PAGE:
Editorials

Low dose CT screening for lung cancer

BMJ 2017; 359 doi: https://doi.org/10.1136/bmj.j5742 (Published 28 December 2017) Cite this as: BMJ 2017;359:j5742
  1. David R Baldwin, consultant respiratory physician1,
  2. Kevin ten Haaf, researcher2,
  3. Janette Rawlinson, consumer member, NCRI Lung Cancer Clinical Studies Group3,
  4. Matthew E J Callister, consultant respiratory physician4
  1. 1University of Nottingham Respiratory Medicine Unit, Nottingham University Hospitals, Nottingham, UK
  2. 2Erasmus MC Department of Public Health, Rotterdam, Netherlands
  3. 3Macmillan and Roy Castle Lung Cancer Foundation, Sandwell, UK
  4. 4St James’s University Hospital, Leeds, UK
  1. Correspondence to: D R Baldwin David.baldwin{at}nuh.nhs.uk

Pilots in car parks take the UK one step closer to national screening

The head of NHS England, Simon Stevens, recently announced plans to expand pilot schemes offering lung cancer screening in supermarket car parks.1 This has prompted inevitable questions about national screening for a cancer that causes more deaths in developed countries than breast and bowel cancers combined.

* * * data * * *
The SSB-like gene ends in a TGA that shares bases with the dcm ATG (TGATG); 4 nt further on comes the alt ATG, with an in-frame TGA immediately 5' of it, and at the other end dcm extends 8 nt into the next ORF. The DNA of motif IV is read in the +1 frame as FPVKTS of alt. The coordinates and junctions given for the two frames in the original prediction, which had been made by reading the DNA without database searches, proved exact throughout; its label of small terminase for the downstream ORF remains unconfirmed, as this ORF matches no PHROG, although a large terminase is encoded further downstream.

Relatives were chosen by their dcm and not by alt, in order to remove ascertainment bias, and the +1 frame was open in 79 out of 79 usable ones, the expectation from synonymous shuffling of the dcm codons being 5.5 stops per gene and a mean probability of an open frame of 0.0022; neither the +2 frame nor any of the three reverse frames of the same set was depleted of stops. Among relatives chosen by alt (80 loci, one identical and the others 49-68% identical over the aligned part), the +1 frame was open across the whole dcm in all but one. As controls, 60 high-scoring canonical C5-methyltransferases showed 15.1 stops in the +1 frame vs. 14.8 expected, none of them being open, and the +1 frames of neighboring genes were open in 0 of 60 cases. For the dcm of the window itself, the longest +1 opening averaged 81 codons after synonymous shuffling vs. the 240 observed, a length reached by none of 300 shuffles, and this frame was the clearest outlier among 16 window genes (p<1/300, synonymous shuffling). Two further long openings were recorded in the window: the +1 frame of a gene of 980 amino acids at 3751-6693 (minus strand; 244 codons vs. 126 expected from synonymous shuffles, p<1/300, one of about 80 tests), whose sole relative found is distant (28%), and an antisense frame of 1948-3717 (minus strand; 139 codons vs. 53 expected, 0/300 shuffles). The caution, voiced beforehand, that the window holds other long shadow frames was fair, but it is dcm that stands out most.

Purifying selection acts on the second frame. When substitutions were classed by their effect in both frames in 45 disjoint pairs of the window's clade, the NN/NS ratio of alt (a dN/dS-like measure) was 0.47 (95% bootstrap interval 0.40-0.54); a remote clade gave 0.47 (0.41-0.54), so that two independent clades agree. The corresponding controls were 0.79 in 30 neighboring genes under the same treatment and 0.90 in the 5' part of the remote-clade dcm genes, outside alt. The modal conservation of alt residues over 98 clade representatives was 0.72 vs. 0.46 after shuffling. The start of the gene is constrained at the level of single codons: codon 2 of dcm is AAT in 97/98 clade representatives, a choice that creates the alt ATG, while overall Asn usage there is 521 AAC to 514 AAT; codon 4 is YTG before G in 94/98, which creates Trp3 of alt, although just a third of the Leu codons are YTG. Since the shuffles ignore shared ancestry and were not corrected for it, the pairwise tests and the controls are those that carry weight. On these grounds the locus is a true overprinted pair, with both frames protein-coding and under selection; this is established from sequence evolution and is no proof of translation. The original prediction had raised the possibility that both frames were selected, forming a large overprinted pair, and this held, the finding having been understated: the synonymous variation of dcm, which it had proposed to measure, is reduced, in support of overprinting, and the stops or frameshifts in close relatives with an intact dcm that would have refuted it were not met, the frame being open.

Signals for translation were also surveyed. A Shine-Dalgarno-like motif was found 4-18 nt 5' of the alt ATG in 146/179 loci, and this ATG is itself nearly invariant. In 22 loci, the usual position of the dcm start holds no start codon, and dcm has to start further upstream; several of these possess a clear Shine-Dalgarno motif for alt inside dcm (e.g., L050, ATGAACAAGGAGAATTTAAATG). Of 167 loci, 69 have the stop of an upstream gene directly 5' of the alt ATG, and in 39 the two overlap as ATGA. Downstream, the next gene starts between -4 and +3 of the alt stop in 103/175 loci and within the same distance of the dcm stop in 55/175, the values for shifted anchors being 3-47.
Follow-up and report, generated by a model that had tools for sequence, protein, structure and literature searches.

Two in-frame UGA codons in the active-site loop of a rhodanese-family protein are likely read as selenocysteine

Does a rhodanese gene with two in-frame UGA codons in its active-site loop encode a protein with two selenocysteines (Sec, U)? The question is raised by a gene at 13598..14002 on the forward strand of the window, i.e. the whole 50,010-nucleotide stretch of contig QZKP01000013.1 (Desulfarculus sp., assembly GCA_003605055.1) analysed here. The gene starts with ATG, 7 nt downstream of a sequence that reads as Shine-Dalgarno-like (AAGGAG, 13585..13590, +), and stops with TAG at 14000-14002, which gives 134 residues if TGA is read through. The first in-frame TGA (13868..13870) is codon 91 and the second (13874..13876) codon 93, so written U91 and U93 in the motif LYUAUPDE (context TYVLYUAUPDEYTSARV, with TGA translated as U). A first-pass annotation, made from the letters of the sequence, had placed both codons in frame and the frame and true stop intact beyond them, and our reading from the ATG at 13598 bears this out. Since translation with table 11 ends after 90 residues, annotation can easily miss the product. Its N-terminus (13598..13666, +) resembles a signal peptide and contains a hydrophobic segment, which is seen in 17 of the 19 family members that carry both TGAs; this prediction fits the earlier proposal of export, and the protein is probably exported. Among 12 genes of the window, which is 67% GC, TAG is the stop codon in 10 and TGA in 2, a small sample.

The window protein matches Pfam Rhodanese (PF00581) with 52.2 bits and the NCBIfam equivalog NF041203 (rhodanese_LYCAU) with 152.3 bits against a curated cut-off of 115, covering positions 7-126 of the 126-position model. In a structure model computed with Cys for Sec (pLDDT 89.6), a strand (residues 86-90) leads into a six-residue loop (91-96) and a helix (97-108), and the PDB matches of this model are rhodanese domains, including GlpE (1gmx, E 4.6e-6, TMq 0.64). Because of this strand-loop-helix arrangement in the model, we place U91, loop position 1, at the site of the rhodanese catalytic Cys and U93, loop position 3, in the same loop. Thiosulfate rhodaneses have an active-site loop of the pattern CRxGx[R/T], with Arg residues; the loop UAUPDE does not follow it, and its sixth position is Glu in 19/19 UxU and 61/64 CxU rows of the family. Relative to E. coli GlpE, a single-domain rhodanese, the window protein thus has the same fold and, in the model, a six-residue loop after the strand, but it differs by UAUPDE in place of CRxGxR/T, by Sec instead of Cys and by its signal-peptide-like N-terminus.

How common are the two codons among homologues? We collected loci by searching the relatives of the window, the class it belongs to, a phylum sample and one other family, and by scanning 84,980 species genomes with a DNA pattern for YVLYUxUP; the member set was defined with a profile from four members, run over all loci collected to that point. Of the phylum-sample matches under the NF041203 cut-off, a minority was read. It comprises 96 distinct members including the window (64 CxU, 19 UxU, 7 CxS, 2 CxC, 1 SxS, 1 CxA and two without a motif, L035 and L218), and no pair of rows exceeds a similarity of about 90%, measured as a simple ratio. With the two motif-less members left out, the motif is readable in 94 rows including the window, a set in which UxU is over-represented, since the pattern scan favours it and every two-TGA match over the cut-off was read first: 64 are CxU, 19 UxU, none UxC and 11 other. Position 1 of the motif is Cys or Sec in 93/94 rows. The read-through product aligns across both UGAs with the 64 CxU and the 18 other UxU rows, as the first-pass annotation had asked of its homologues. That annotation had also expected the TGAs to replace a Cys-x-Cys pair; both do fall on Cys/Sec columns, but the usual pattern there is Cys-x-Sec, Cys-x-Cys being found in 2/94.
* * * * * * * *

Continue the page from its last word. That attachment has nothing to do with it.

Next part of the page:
Lung cancer is curable if found at an early stage, but two thirds of people present with advanced disease, when survival is short and cure uncommon. Established screening programmes for breast and bowel cancer exist in many developed nations, but only the US and Canada have approved national screening for lung cancer with low dose computed tomography (CT), based primarily on findings from the US National Lung Screening Trial.2

The trial reported reductions in mortality from both lung cancer and all causes (20% and 6.7% respectively) after annual CT for three years compared with annual chest radiography. The final results from the …

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